Doug
 
do i understand that you don't have the velocity valves in the secondaries? are these the small afb's that were used on early 383/413/426 engines? the factory 3447 and 3705 carbs had velocity controlled secondaries.
 
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The AFB carbs do not have an air valve in the secs like the AVS, but they DO have velocity valves between the boosters & the t/blades.

There were a number of different VVs used, that varied in the attached counterweights & 'angle of attack'.
The VV control the sec system. Jon Hardgrove, of the Carb Shop, in Eldon Missouri would likely be able to supply the correct VVs. He bought all the old Carter stuff.
The Max Wedge 3871S, like many AFBs, don't have velocity valves unfortunately.
 
3psi sounds low for fuel pressure
AFB and AVS run just fine on 3 - 5 psi with proper volume.
Yeah; I would try for 5-6 p.s.i. May not be supplying enough volume at W.O.T. What year car is this in? Late '63 and '64 used Carter 3705's with the bigger tops, like an Edelbrock. '62 and early '63 had the small top 3447's.
Fuel supply into the bowls isn't the issue. As I said, the engine runs great at WOT. I've confirmed that the bowls are full of fuel when the stall/bog occurs, so psi and pump volume variables are ruled out from the issue.
 
You are correct in your thought that when the throttle goes open quickly there isn't enough fuel to compenste for the air coming into the manifold. Is it the secondaries open too quickly? Or not enough pump shot? Two things I would try. First try the accelerator link rod hole in the upper arm closest to the air horn. This well help with pump shot. No help? Then cut two 1 1/2" pieces of small vacuum hose. You can jam one each in at the outer edge near the counter weight of the secondary air doors to keep them from opening. It'll run on the front barrels only. This will tell you if its a secondary opening issue.
Doug
I have moved the accelerator pump to all three holes without any change to the stall/bog. Using the 8 inHG metering spring to get the rods into the power step sooner also does nothing to the stall/bog. I have the secondary linkage set to factory specs, so they are opening in the correct sync with the primaries per the manual. I wonder if trying to bend the rods to delay the secondaries will help, although doing so may mean they don't fully open at WOT. These AFBs don't have a secondary air valve to jam shut, so I can't use that as a diagnostic tool unfortunately.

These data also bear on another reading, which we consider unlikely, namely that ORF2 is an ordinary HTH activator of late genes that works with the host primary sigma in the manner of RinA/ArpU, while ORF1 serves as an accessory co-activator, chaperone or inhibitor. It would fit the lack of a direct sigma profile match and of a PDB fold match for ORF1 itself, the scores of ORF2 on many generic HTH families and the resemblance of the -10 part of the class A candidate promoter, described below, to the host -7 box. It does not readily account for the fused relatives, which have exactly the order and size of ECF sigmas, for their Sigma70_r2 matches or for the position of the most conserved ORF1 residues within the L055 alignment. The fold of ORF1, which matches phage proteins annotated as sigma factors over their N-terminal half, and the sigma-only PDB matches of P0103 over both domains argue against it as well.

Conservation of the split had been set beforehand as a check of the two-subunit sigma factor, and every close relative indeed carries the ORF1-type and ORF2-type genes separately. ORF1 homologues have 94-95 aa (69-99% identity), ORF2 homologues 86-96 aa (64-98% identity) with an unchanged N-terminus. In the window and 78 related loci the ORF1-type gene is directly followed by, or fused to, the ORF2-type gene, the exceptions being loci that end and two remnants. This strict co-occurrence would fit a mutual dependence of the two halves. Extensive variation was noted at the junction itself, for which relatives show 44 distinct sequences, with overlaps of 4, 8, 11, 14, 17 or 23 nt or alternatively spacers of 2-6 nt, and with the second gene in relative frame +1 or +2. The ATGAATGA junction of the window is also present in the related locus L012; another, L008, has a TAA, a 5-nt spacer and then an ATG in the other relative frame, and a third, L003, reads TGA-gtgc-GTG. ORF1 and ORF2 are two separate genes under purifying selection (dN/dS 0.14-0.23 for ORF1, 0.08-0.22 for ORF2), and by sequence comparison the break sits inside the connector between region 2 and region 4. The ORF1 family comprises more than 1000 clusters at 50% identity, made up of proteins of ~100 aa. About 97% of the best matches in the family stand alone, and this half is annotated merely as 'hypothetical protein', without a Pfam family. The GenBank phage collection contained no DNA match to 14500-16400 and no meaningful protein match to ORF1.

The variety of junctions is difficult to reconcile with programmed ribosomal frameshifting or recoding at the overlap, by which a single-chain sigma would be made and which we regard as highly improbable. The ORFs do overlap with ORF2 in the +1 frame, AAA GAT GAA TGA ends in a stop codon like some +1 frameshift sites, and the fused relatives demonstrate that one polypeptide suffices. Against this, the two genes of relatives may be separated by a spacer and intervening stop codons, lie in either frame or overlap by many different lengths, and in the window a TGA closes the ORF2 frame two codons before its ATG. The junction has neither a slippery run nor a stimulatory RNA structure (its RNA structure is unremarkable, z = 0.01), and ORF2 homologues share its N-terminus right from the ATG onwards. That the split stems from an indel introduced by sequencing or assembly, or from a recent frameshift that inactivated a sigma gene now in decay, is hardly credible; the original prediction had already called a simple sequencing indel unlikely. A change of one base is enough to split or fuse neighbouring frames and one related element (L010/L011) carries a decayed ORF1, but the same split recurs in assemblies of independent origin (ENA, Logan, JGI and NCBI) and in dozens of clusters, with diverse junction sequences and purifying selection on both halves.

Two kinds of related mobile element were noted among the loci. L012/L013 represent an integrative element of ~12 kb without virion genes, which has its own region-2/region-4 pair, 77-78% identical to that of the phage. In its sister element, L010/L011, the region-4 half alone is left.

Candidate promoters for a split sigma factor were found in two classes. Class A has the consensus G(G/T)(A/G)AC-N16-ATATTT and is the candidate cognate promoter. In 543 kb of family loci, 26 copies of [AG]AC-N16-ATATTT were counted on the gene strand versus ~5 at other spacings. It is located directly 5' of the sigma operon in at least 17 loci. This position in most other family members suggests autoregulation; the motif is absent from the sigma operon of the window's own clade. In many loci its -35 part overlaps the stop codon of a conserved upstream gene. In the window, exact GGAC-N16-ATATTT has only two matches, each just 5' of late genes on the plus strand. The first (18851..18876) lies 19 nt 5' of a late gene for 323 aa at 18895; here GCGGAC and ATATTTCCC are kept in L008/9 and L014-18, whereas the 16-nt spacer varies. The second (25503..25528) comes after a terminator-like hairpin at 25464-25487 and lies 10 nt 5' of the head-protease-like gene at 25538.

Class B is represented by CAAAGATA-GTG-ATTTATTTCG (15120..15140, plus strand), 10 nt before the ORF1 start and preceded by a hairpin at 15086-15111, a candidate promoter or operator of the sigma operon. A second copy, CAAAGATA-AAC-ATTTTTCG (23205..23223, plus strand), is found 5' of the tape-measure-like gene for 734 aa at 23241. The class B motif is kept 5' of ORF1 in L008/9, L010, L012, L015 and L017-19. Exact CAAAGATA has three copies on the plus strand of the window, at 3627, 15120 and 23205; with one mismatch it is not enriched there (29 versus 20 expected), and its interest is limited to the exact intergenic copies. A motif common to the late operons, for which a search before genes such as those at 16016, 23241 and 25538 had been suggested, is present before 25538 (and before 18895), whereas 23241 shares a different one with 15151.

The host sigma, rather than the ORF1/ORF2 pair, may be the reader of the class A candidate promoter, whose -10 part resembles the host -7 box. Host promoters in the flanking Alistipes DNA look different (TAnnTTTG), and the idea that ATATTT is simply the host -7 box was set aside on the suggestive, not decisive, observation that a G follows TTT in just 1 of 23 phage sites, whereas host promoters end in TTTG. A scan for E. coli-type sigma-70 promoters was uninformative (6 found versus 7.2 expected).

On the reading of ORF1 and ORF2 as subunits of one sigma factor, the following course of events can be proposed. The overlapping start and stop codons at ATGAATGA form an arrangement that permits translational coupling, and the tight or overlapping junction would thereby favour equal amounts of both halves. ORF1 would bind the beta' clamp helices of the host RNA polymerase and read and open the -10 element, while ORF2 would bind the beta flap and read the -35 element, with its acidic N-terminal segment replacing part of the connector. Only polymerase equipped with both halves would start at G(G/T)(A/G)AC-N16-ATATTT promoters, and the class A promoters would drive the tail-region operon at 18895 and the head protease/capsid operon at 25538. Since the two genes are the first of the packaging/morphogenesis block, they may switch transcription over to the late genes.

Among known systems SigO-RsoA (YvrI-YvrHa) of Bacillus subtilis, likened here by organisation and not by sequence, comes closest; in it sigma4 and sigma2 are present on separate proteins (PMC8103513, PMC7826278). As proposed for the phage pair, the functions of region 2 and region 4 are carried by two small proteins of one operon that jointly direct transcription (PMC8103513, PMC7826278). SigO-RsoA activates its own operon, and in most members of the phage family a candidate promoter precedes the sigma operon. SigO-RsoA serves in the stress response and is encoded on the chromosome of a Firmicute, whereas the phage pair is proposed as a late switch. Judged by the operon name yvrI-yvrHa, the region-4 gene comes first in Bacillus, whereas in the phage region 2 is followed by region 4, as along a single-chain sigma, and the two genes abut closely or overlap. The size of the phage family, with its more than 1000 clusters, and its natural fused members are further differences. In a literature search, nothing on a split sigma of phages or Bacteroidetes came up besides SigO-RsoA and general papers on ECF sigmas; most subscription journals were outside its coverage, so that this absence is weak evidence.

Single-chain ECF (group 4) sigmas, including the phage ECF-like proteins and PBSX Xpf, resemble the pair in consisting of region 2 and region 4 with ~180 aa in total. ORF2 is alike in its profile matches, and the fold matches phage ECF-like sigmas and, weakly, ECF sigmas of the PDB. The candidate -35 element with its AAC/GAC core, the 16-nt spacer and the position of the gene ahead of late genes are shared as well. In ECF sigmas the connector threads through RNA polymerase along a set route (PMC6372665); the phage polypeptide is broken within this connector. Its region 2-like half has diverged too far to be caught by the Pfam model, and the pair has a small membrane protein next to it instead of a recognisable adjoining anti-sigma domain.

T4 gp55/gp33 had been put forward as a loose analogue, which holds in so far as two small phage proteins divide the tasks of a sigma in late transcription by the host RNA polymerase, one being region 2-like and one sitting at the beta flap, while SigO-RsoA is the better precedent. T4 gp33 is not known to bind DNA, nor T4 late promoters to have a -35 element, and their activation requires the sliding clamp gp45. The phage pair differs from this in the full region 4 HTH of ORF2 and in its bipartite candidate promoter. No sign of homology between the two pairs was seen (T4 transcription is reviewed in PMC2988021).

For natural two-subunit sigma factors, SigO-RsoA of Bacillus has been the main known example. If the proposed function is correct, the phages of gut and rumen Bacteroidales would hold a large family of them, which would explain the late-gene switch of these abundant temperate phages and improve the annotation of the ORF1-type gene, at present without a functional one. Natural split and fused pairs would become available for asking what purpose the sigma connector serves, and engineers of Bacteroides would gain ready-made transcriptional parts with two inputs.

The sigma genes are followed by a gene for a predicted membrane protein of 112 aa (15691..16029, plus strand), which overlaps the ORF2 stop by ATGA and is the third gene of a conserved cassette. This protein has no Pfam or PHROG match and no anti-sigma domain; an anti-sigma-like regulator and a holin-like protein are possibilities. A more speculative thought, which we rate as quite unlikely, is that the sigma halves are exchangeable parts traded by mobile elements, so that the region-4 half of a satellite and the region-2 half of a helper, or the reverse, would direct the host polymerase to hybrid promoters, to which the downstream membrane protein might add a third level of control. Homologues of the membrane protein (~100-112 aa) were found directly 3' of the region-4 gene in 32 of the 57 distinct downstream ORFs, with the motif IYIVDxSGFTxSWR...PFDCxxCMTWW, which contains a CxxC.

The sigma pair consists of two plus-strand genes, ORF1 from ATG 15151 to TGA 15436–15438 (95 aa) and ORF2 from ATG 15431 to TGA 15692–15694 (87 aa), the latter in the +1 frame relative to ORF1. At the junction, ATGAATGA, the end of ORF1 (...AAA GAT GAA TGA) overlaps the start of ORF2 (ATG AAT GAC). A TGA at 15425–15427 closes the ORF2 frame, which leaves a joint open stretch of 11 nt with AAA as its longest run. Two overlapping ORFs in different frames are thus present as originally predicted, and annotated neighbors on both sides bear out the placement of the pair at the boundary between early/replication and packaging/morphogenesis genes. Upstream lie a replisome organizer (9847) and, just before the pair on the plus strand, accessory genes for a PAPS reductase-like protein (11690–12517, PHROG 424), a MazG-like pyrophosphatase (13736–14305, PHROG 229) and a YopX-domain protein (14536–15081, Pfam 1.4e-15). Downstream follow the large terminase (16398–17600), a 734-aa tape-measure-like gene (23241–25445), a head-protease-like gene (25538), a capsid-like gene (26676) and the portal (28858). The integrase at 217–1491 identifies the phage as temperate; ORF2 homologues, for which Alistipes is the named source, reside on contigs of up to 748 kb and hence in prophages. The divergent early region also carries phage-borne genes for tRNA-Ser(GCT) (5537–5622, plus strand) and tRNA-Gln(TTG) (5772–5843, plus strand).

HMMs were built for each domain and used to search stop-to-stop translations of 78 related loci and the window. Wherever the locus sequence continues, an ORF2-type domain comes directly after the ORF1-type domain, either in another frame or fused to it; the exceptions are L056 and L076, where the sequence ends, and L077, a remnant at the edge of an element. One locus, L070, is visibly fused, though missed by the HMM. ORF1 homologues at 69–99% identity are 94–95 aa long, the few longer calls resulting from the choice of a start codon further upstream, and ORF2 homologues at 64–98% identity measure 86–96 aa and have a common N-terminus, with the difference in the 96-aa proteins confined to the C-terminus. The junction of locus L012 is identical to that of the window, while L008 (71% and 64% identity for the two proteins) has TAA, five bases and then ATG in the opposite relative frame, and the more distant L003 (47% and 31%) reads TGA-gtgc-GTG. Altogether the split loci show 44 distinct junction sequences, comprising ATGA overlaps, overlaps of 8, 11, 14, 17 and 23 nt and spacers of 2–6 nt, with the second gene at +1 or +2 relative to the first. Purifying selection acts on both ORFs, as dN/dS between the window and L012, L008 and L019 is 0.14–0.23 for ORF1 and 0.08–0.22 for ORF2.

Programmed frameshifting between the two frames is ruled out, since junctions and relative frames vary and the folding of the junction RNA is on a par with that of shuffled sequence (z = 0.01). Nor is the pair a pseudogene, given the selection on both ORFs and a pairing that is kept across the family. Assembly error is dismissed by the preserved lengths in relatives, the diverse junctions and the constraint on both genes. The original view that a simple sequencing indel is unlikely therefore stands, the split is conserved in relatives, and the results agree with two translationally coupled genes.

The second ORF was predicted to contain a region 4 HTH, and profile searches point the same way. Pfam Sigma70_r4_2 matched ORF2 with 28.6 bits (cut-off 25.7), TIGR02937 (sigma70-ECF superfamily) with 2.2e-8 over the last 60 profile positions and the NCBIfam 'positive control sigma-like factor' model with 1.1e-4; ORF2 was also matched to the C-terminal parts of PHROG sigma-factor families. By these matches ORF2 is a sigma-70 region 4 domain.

do i understand that you don't have the velocity valves in the secondaries? are these the small afb's that were used on early 383/413/426 engines? the factory 3447 and 3705 carbs had velocity controlled secondaries.
Yes, you're following me. No velocity valves or auxiliary air valves in the secondaries on these AFBs. The only things in the secondary venturis between the air filter and the throttle plates are the secondary venturi clusters. Those are free of debris and the vent holes uniform/undamaged and clear.
 
Ok, but are these carbs like the early afb that has the back clusters sitting parallel to the throttle shafts and velocity weights aren't possible?
 
I had a set of early AFB's from a 1962 Chrysler 300H on an inline intake that I put on a 426 Street Wedge in a 1964 Polara 500 convertible I once owned. These both had velocity valves under the secondary venturies, and worked well. Maybe this was the secret to getting 2 carbs to transition smoothly. Some guys tuned these velocity valves by drilling a hole in them, removing weight to open quicker.

45.jpg
 
Ok, but are these carbs like the early afb that has the back clusters sitting parallel to the throttle shafts and velocity weights aren't possible?
Correct. There is no provision for the auxiliary air valve. The secondary venturi clusters are placed like the primary clusters. Here's what they look like from the manual.

afb.jpg
 
I had a set of early AFB's from a 1962 Chrysler 300H on an inline intake that I put on a 426 Street Wedge in a 1964 Polara 500 convertible I once owned. These both had velocity valves under the secondary venturies, and worked well. Maybe this was the secret to getting 2 carbs to transition smoothly. Some guys tuned these velocity valves by drilling a hole in them, removing weight to open quicker.